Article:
Belle, Book & Kindle

What a difference a few decades make. Back in 1979 when I was contracted to write historical romances as Maggie Lyons (see “her” story in my blog, “Romancing the Unknown”), I knew zip about the genre. Luckily I was given a tip sheet by my publishers regarding what to do and, more importantly, not to do. My heroines were supposed to be chaste as well as chased, and a big taboo was sex before marriage. If and when anything finally happened after 300 pages of foreplay, it was to be discreet. Think Deborah Kerr and Burt Lancaster on the beach in From Here to Eternity or a train going into a tunnel. You get the picture.

Talk about burning sands, Kerr and Lancaster lock lips in "From Here to Eternity."

Talk about burning sands, Kerr and Lancaster lock lips in “From Here to Eternity.”

In 1999 when I was asked to write more Maggie Lyons books, the rules had changed. Seriously. It was no surprise that readers were more sophisticated and knowledgeable about history but who knew they wanted more explicit sex scenes? Nothing pornographic, mind you, but still. My new and improved heroines didn’t exactly fall into bed in Chapter 1, but they were more frank about their desires, i.e., they wanted the same things as my heroes. It seemed only fair to satisfy them, and frankly it was lots of fun.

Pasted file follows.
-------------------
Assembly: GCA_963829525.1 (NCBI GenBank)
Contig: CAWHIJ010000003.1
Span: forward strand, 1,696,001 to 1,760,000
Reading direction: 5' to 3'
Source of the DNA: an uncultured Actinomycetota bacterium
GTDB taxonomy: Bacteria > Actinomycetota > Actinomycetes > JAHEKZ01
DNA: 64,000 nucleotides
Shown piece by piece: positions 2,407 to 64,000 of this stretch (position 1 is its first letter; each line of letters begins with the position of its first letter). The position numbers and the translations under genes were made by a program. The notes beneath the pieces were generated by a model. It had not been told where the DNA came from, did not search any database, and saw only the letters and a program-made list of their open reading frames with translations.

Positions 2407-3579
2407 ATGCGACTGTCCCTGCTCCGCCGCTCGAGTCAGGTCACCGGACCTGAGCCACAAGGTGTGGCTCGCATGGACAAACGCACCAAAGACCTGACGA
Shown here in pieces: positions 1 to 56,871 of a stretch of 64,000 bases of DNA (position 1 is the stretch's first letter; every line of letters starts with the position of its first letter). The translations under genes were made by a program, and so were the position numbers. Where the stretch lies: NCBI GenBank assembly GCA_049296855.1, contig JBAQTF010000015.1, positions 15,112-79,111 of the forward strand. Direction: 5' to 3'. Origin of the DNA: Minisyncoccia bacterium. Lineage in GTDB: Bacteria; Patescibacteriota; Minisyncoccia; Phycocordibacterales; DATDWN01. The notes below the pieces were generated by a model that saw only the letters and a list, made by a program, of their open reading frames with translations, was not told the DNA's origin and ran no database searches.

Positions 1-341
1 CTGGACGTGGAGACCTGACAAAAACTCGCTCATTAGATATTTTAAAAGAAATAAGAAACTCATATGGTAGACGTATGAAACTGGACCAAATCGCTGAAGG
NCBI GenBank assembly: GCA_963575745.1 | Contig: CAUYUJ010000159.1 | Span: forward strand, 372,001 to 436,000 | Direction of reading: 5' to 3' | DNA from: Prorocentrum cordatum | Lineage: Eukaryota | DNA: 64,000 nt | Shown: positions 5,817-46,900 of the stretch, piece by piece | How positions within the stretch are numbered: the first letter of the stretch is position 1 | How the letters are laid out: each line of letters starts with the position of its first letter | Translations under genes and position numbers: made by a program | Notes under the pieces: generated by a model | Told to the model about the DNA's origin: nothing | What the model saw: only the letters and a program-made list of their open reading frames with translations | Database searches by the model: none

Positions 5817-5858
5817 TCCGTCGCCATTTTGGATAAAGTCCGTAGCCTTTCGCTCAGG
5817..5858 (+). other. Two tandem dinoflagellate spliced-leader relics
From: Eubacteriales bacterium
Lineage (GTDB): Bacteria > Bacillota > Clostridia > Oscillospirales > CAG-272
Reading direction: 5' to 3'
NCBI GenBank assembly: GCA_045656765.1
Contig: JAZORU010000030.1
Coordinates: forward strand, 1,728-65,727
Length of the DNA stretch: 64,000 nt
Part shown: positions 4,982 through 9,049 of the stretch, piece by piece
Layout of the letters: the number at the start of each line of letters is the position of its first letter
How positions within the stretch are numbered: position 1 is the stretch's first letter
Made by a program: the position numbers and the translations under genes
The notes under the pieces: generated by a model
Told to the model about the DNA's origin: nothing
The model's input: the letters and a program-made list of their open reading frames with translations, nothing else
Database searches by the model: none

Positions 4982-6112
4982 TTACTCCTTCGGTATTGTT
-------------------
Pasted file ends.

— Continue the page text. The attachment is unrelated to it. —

Last winter I decided to resurrect these seven out-of-print books, only to learn I faced yet another set of criteria. For today’s reader, elaborate prose and details about antebellum Mardi Gras balls have taken a back seat to plots that are sleek, taut and move quickly. That meant heavy rewrites and editing because the bottom line, of course, is giving your audience what they want.

There's lots of rebellious belles in "Heirs of Rebellion."

There’s lots of rebellious belles in “Heirs of Rebellion.”

When I reread these books, it was like meeting old friends. To be honest, I’d forgotten more than I remembered, certainly in regard to the steamier scenes in the earlier novels. I found several instances, notably Heirs of Rebellion, where milady got all the pleasuring she wanted (and then some) without the sanction of marriage. Like most men, I guess I just didn’t want to wait, so naturally neither did my heroines. Each and every one of these women had her goals and, okay, like Miss Scarlett, flouted convention to get them. That’s what prompted me to call my Kindle series “Rebellious Belles.” My not so ladylike ladies have come a long way, baby!

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This entry was posted in antebellum, historical romance, Maggie Lyons, romance and tagged , , , , . Bookmark the permalink.

One Response to Belle, Book & Kindle

  1. Liz says:

    That iconic picture of love on the beach is certainly getting my day off with a …wait for it: bang! Thanks, Michael!

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